A Texas couple who enslaved a young Guinean woman for 16 years were each sentenced to seven years in federal prison, authorities said on April 23.
Mohamed Toure, 58, and his wife Denise Cros-Toure, 58, from Southlake, Texas, were convicted by a federal jury in January of forcing the girl to work for their family without payment from the time she was about 5 years old. The couple were also ordered to pay $288,620.24 in restitution.
The couple, who are citizens of Guinea and lawful permanent residents in the US, may be deported after they serve their time in prison, authorities said in a statement. Toure is the son of Guinea’s first president, Ahmed Sékou Touré, and his wife is the daughter of the West African nation’s secretary of state, The Dallas Morning News reported.
“I hope that today’s sentence brings some measure of justice and healing to the victim, who suffered untold trauma as a result of the defendants’ heinous crimes. The defendants stole her childhood and her labor for years, enriching themselves while leaving her with pain and an uncertain future,” Assistant Attorney General Eric Dreiband said in a statement.
In 2000, the couple arranged for the girl, who was then 5 years old, to travel from a rural Guinean community to their home in Texas on a tourist visa, according to The New York Times.
Once in Southlake, the girl was forced to begin work by 7 a.m. each day. She was tasked with cleaning, making beds, cooking, and gardening. The girl, who was identified in court documents as “DD” and later as Djena Diallo by The Dallas Morning News, also had to care for the couple’s five children.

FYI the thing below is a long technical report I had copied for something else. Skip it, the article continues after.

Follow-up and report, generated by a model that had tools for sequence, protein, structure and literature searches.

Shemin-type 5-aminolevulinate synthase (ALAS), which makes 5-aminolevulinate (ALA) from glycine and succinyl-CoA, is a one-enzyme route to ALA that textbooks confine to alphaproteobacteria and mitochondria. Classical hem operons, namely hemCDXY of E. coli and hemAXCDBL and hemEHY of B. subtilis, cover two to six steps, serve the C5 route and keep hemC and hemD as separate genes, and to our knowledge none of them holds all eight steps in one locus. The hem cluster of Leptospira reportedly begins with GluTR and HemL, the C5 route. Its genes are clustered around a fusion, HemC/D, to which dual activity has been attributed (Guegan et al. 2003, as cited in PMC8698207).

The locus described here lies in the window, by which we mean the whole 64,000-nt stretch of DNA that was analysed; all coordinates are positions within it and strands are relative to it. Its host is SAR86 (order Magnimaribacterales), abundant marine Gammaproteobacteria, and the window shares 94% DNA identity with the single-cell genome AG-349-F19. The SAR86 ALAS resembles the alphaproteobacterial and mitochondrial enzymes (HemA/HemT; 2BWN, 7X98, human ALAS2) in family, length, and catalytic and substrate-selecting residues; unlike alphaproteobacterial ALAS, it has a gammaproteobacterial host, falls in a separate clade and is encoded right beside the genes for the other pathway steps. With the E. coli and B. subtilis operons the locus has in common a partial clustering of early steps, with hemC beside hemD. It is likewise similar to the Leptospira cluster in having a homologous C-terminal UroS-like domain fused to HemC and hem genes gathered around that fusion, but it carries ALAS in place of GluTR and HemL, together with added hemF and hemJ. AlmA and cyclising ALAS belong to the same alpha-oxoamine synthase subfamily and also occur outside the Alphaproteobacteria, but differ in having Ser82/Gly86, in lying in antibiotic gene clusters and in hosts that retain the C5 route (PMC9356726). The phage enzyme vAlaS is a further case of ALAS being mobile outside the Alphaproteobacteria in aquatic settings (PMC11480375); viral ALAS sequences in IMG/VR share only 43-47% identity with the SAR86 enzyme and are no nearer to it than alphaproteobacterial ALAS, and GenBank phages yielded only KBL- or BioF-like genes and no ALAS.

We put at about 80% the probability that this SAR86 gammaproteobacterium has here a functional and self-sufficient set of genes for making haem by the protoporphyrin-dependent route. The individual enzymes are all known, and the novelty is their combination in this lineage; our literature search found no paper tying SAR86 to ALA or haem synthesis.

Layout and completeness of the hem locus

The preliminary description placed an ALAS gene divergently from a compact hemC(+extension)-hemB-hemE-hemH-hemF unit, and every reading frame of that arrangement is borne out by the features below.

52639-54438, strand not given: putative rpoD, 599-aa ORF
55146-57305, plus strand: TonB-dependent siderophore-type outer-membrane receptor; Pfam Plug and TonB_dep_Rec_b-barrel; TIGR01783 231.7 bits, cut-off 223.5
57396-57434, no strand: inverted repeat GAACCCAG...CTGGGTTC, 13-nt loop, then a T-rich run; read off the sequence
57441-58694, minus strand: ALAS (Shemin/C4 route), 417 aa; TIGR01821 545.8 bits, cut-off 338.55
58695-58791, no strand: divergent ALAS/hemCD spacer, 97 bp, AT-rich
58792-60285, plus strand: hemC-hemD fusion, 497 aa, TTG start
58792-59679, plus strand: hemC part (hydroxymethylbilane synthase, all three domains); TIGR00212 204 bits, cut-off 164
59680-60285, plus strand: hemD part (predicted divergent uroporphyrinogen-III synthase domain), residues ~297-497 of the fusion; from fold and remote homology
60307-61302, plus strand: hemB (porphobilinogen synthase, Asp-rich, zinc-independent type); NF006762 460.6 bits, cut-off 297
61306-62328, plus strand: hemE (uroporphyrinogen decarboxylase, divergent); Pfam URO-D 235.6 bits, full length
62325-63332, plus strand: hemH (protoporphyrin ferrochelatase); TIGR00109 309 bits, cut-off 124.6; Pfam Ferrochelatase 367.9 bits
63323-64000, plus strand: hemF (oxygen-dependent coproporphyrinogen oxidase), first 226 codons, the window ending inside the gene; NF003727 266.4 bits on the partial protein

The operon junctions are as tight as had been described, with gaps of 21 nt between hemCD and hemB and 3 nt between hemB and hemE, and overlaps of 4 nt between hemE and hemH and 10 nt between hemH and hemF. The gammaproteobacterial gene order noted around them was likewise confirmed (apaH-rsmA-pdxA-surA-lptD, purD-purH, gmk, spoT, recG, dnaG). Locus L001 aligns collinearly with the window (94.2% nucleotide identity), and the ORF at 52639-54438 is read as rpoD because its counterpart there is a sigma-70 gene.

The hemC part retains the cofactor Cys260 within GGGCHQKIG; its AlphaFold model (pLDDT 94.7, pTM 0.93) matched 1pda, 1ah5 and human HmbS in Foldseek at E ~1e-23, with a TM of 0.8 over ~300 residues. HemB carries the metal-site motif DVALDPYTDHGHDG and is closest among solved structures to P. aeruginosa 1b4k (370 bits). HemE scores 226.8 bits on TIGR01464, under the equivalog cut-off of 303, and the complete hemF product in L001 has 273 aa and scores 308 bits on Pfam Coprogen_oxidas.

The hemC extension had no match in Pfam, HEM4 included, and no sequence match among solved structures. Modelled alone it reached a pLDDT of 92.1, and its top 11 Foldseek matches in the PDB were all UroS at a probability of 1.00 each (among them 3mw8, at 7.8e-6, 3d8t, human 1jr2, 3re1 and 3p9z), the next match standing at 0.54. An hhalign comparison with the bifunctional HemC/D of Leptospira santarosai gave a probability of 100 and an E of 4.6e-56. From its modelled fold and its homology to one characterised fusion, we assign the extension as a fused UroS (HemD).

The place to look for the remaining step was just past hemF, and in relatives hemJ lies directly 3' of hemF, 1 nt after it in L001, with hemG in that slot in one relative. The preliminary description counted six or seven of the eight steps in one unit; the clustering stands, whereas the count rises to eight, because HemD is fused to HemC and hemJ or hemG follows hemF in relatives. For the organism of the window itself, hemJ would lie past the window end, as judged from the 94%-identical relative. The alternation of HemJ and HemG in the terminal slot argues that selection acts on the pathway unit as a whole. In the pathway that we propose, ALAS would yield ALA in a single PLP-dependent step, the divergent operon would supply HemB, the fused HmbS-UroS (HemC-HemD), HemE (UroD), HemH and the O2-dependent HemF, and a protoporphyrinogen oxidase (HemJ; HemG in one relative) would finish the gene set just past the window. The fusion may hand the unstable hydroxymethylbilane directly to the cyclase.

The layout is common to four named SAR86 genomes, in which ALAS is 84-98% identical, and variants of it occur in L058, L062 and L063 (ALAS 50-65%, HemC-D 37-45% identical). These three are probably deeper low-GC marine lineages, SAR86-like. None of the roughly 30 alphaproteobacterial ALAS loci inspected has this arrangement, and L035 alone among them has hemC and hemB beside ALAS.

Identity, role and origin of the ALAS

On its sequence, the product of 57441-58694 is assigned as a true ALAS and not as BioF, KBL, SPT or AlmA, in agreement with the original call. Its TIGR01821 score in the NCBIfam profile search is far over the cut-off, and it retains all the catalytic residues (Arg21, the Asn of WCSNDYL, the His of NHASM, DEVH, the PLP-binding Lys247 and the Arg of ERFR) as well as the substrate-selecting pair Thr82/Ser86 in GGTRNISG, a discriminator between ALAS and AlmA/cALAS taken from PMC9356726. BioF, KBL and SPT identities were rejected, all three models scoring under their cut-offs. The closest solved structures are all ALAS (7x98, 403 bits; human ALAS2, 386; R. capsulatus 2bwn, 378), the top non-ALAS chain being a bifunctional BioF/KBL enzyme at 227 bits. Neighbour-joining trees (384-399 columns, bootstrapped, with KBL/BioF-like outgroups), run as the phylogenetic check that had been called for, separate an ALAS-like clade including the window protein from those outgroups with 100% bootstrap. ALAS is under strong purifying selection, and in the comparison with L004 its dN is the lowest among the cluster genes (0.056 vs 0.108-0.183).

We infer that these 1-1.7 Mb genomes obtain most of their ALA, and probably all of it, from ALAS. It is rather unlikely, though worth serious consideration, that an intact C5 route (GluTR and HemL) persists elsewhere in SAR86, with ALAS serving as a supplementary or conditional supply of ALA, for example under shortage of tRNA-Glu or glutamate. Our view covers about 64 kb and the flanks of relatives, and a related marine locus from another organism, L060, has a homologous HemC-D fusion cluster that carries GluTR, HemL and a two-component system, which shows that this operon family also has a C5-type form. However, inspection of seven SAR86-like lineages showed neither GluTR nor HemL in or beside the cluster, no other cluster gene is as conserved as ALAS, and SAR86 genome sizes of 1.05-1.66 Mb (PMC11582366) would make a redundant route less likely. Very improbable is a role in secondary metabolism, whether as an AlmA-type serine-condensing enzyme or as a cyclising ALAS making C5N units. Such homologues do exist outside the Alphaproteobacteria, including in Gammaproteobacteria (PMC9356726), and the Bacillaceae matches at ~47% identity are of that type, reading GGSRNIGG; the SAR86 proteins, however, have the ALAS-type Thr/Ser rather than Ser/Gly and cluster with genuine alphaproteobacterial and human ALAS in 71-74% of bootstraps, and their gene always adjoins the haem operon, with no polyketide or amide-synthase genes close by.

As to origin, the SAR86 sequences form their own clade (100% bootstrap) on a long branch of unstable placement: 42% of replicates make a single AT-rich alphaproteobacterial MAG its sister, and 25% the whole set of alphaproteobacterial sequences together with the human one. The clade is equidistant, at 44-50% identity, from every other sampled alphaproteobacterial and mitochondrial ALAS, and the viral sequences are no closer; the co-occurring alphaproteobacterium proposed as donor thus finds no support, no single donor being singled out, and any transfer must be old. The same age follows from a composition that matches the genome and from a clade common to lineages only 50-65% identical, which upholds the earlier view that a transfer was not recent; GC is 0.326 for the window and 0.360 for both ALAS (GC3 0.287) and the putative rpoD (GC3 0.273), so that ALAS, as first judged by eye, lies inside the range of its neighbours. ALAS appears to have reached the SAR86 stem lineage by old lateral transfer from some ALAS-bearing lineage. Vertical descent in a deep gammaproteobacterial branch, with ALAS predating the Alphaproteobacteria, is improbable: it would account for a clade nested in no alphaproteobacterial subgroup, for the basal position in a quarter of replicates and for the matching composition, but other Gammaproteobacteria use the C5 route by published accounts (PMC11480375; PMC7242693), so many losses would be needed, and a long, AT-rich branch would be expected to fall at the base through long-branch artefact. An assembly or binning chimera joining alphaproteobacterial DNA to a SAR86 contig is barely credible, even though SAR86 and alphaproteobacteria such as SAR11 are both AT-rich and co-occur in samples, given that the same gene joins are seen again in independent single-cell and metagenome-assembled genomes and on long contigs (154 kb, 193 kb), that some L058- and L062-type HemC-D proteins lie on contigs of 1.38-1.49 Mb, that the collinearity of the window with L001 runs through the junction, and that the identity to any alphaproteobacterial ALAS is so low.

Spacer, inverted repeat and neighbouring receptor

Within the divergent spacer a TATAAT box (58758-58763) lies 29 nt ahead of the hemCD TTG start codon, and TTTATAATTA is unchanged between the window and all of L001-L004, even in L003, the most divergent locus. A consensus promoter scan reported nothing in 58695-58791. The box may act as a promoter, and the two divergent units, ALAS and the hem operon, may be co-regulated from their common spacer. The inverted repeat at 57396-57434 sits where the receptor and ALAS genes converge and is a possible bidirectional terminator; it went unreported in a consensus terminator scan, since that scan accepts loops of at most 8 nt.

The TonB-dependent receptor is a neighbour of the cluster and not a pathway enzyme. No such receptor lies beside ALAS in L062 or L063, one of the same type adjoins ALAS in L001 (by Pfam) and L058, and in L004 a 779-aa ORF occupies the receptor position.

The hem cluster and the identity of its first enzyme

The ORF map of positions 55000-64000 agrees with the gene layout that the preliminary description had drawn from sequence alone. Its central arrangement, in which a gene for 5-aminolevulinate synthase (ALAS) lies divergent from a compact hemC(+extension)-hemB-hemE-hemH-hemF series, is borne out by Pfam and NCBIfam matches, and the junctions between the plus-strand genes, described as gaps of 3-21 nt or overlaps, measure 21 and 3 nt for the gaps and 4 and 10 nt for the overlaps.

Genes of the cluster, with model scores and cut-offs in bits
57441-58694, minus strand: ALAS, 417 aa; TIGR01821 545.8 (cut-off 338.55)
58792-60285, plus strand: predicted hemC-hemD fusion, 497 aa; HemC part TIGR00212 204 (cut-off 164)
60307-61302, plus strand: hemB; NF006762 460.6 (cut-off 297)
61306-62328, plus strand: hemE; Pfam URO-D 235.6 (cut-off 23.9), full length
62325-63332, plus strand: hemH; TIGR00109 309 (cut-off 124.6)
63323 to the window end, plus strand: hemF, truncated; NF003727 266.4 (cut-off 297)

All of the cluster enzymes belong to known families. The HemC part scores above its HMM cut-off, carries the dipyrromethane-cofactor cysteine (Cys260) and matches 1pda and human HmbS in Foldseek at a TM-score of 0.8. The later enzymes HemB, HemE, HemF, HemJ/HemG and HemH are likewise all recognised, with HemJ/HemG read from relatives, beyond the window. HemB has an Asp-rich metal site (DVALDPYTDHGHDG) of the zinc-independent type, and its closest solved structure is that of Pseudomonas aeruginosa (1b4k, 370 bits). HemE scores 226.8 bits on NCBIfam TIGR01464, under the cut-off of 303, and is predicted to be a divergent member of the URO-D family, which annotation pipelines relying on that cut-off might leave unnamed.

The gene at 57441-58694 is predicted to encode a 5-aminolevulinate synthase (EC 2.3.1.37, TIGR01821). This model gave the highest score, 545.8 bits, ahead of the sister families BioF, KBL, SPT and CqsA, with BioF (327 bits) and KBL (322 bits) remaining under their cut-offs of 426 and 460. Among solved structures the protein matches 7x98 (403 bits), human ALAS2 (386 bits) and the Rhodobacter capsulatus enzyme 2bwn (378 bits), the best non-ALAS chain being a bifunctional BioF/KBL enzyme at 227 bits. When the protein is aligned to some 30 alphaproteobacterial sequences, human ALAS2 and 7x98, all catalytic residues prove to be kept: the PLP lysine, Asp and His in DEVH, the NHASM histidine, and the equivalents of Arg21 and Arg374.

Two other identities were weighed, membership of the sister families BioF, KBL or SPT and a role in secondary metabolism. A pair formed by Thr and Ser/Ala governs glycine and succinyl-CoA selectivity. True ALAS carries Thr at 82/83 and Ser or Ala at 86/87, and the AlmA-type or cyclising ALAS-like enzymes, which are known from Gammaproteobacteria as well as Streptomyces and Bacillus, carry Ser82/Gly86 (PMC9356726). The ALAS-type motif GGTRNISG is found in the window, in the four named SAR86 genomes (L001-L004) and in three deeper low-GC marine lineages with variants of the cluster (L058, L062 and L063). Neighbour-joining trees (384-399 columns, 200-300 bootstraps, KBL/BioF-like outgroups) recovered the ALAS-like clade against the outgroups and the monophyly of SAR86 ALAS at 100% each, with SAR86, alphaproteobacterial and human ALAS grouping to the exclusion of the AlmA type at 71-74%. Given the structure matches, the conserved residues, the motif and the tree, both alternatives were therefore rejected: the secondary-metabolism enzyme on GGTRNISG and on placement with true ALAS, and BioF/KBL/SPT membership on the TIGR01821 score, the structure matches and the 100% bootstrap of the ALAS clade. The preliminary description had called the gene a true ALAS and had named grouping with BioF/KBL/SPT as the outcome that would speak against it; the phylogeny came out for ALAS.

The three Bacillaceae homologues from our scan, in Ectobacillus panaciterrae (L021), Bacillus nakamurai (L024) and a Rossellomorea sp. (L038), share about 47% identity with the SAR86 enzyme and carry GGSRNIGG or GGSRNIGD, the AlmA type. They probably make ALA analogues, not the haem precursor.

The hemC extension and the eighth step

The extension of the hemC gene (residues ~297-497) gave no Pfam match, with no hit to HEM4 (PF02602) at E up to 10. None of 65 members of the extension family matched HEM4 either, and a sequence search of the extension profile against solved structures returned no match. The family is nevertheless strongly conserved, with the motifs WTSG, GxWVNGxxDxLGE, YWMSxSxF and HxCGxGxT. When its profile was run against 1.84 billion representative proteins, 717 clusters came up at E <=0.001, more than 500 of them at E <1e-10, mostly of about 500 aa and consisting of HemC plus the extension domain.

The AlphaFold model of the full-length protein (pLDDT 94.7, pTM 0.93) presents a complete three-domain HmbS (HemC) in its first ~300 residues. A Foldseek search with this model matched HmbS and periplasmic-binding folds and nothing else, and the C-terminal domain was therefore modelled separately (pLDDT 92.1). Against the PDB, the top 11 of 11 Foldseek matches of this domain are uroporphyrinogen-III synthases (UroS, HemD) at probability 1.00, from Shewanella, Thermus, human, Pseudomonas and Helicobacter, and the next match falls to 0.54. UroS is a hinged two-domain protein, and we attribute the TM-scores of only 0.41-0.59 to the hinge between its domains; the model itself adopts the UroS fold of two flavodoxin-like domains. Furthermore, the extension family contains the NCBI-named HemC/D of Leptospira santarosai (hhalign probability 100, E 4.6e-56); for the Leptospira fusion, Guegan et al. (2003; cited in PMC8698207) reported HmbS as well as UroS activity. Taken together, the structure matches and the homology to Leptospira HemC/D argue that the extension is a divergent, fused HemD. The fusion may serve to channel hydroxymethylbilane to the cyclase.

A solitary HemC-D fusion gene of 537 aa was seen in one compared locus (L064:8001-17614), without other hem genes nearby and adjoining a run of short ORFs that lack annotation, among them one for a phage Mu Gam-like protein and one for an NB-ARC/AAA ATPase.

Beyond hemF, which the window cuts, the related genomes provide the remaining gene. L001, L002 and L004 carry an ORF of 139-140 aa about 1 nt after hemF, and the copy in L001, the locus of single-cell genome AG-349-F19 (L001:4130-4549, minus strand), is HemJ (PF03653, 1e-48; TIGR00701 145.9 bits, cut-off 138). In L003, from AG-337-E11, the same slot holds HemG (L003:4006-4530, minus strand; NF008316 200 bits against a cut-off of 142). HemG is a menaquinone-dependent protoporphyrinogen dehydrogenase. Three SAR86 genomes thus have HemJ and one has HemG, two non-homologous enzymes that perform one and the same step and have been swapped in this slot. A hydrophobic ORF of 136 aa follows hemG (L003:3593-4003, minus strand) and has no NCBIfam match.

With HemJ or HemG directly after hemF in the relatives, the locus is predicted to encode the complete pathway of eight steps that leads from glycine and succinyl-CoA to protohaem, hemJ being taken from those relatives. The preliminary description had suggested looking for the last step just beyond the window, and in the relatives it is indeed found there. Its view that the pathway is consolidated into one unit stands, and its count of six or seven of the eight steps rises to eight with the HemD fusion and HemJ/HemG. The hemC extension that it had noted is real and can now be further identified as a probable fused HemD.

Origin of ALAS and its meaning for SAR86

Diallo was physically, emotionally, and verbally punished whenever she disobeyed or failed to perform her chores to the couple’s satisfaction, authorities said. She was called a “dog,” “slave,” and “worthless,” and was repeatedly struck. Authorities said punishments included forcing Diallo to sleep at the park alone, shaving her head, and hosing her down outside.
The victim was isolated from her family and society and was barred from getting an education, authorities said.
Toure and Cros-Toure were indicted in September. During the trial, Diallo said she was occasionally allowed to walk out of the home and participate in family trips. She ran away from the home in June 2016 after fighting with the couple.
Diallo told authorities that she spent a night with a witness she had previously babysat for. The witness’ friend allowed Diallo to stay with her for a week, but Diallo then returned to the Toure’s home, The Times reported. She said she was prohibited from leaving and that she contemplated suicide.
In August 2016, Diallo reached out to a former neighbor and told them of the situation. The neighbor encouraged her to collect evidence that proved her situation. She was eventually able to escape the Toure’s home and was taken to a local YMCA.
“Forced labor trafficking cases are notoriously difficult to prosecute — in part because victims are often afraid to speak out,” US Attorney Erin Nealy Cox said in a statement. “It took tremendous courage for this young woman to share her story at trial.”
Cox continued, “I want to commend her, as well as the witnesses who helped shine a light one her circumstances. If we want to wipe out human trafficking, we need to remind witnesses to speak up, and ask the community to remain alert.”
About the Author
Nicole Rojas is a breaking news writer for The North Star. She has published in various venues, including Newsweek, GlobalPost, IHS Jane’s Defence Weekly, and the Long Island Post. Nicole graduated from Boston University in 2012 with a degree in print journalism. She is an avid world traveler who recently explored Asia and Australia.